... where he was during two or three years in command of a ship for protection of the British whale fisheries and for revision of the admiralty charts. In 1813 he was recalled from that service and sent on blockade service to the North American station, where he remained about four years, and occupied his leisure in writing a book on “Nautical Astronomy by Night,” which he published upon his return ...
— Journal of the Third Voyage for the Discovery of a North-West Passage • William Edward Parry

... perhaps the most illustrious savage upon the North American continent. The interposition of Providence alone seems to have prevented him from exterminating the whole English race upon this continent. Though his character has been described only by those who were exasperated ...
— King Philip - Makers of History • John S. C. (John Stevens Cabot) Abbott

... against some of the most renowned advocates of the day, and gained great applause for the talent he had exhibited in his pleadings. He crossed over to England, where he made acquaintance with Wilkes and the agents of some of the North American colonies, and became a volunteer agent for them himself at the beginning of the American war, expending, according to his own statement, 150,000 francs in the purchase of arms and stores, which he sent out, when the President of Congress contented himself with thanking him ...
— Letters of Horace Walpole - Volume II • Horace Walpole

... always be esteemed the true parent of North American colonization, for though the idea did not originate with him he popularized it beyond any other man. Just as he made smoking fashionable at the court of Elizabeth, so the colonization of Virginia—that is, of the region from Canada to Florida—was ...
— England in America, 1580-1652 • Lyon Gardiner Tyler

... PHILADELPHIA NORTH AMERICAN says: "It is in no sense history, but rather a preparatory effort to mark broadly the outlines of any future peace settlement that would have even a fighting chance of permanency. Only in perusing a critical ...
— One Hundred Best Books • John Cowper Powys

... exaggerated, if not untrue; and that the custom elsewhere, as here and at Lundu, will be found to be more accordant with our knowledge of other wild tribes, and to be regarded merely as a triumphant token of valor in the fight or ambush; similar, indeed, to the scalps of the North American Indian. ...
— The Expedition to Borneo of H.M.S. Dido - For the Suppression of Piracy • Henry Keppel

... of the Dyaks resemble those of the North American Indians: they acknowledge a Supreme Being, or "Great Spirit;" they have also some conception of an hereafter. Many of the tribes imagine that the great mountain Keney Balloo is a place of punishment for guilty departed souls. They are very scrupulous regarding their cemeteries, paying the greatest ...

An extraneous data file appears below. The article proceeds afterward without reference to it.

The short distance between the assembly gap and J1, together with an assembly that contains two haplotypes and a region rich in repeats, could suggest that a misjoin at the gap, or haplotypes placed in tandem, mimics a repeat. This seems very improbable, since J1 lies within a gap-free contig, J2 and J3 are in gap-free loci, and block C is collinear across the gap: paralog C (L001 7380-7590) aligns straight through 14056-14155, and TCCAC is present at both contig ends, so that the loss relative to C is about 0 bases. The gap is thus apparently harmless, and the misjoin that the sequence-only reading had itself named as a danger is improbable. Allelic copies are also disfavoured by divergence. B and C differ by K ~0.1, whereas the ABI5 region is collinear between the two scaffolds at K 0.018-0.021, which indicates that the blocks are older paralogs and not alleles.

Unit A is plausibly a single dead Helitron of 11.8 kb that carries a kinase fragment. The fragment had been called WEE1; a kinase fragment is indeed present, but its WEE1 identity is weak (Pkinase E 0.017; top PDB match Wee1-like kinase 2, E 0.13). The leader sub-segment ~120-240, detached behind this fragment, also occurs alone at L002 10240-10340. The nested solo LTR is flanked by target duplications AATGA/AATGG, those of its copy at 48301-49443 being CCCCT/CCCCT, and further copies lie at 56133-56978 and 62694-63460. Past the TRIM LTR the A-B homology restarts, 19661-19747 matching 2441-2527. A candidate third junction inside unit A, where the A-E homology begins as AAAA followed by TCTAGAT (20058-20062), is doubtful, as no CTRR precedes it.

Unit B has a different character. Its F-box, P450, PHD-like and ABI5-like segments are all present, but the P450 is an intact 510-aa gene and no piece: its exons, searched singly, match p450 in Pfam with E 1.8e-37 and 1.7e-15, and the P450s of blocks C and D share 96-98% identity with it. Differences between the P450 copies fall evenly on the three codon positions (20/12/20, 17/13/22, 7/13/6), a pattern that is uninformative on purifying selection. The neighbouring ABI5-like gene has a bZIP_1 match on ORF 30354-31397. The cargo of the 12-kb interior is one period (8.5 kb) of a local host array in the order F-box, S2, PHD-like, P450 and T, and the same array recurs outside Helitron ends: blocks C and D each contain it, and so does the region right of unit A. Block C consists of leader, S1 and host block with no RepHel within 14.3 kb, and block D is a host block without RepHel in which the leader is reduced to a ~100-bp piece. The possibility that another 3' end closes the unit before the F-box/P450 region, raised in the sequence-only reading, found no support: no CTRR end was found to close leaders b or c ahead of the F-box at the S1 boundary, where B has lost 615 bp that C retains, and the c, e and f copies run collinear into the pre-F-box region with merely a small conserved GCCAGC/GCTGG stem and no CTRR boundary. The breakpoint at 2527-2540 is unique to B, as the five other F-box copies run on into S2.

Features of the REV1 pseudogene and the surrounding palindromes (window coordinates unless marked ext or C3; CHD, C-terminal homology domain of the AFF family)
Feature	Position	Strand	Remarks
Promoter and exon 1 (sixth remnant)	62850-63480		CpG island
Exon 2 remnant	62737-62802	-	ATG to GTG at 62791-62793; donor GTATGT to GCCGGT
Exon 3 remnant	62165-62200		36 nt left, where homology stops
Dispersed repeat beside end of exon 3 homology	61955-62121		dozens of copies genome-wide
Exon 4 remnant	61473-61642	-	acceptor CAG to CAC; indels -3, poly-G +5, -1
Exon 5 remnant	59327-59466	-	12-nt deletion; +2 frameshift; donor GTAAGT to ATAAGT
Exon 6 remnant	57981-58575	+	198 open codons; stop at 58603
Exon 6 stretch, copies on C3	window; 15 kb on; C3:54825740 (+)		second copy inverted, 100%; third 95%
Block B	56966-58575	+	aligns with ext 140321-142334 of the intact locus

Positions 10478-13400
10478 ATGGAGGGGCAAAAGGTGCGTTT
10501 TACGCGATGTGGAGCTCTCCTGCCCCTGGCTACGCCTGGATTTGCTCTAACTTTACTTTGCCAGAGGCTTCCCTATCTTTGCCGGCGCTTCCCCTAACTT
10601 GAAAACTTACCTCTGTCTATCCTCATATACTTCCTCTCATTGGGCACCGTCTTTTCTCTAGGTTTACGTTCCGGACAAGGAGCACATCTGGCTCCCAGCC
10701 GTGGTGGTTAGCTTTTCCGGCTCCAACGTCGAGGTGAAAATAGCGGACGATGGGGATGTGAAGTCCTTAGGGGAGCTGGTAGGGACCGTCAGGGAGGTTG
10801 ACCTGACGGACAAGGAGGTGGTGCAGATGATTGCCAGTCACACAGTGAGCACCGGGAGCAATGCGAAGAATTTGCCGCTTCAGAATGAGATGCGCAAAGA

— Borneo and the Indian Archipelago - with drawings of costume and scenery • Frank S. Marryat

... human achievement so rich, is, when fully known, of thrilling interest. How grand is the story of the Aryans in India, of the first historic invaders of Japan, of the Roman advance into northern Europe, of the making of Africa and of western America in our own times! Even the culture-epoch of the North American Indians, as written by Longfellow, in his "Song of Hiawatha," is as fascinating ...
— Charles Carleton Coffin - War Correspondent, Traveller, Author, and Statesman • William Elliot Griffis

... agree on the inevitability of major earthquakes in California. The gradual movement of the Pacific Plate relative to the North American Plate leads to the inexorable concentration of strain along the San Andreas and related fault systems. While some of this strain is released by moderate and smaller earthquakes and by slippage without earthquakes, geologic studies indicate that the vast ...
— An Assessment of the Consequences and Preparations for a Catastrophic California Earthquake: Findings and Actions Taken • Various

... curiosities presented were, of course, those which have formed the nucleus of every museum that was ever established, and consisted of "South Sea Islander's paddles and spears, North American mocassins and tomahawks, and Sandwich (not in Kent, but in the Pacific Ocean) canoes and fishing-tackle. In addition, we have received the following, which the society ...
— Punch, or the London Charivari, Vol. 1, September 18, 1841 • Various

... the question we have read with attention—1. An article in the North American Review for April last; 2. One in the Christian Examiner, Boston, for May; 3. M. Pictet's article in the Bibliotheque Universelle, which we have already made considerable use of, which seems throughout most able and correct, and which in tone and fairness is admirably ...
— Darwiniana - Essays and Reviews Pertaining to Darwinism • Asa Gray

... natural and semisynthetic narcotics. Poppy straw concentrate is the alkaloid derived from the mature dried opium poppy. Qat (kat, khat) is a stimulant from the buds or leaves of catha edulis that is chewed or drunk as tea. Quaaludes is the North American slang term for methaqualone, a pharmaceutical depressant. Stimulants are drugs that relieve mild depression, increase energy and activity, and include cocaine (coke, snow, crack), amphetamines (Desoxyn, Dexedrine), ...
— The 1995 CIA World Factbook • United States Central Intelligence Agency

... abides in mind, of course, more than the literature. It was degeneracy for a Roman to use the pen; his life was in the day. The "vaunting" of Rome, like that of the North American Indians, is her proper literature. A man rises; he tells who he is, and what he has done; he speaks of his country and her brave men; he knows that a conquering god is there, whose agent is his own right hand; and he should end like the Indian, "I have ...
— Memoirs of Margaret Fuller Ossoli, Vol. I • Margaret Fuller Ossoli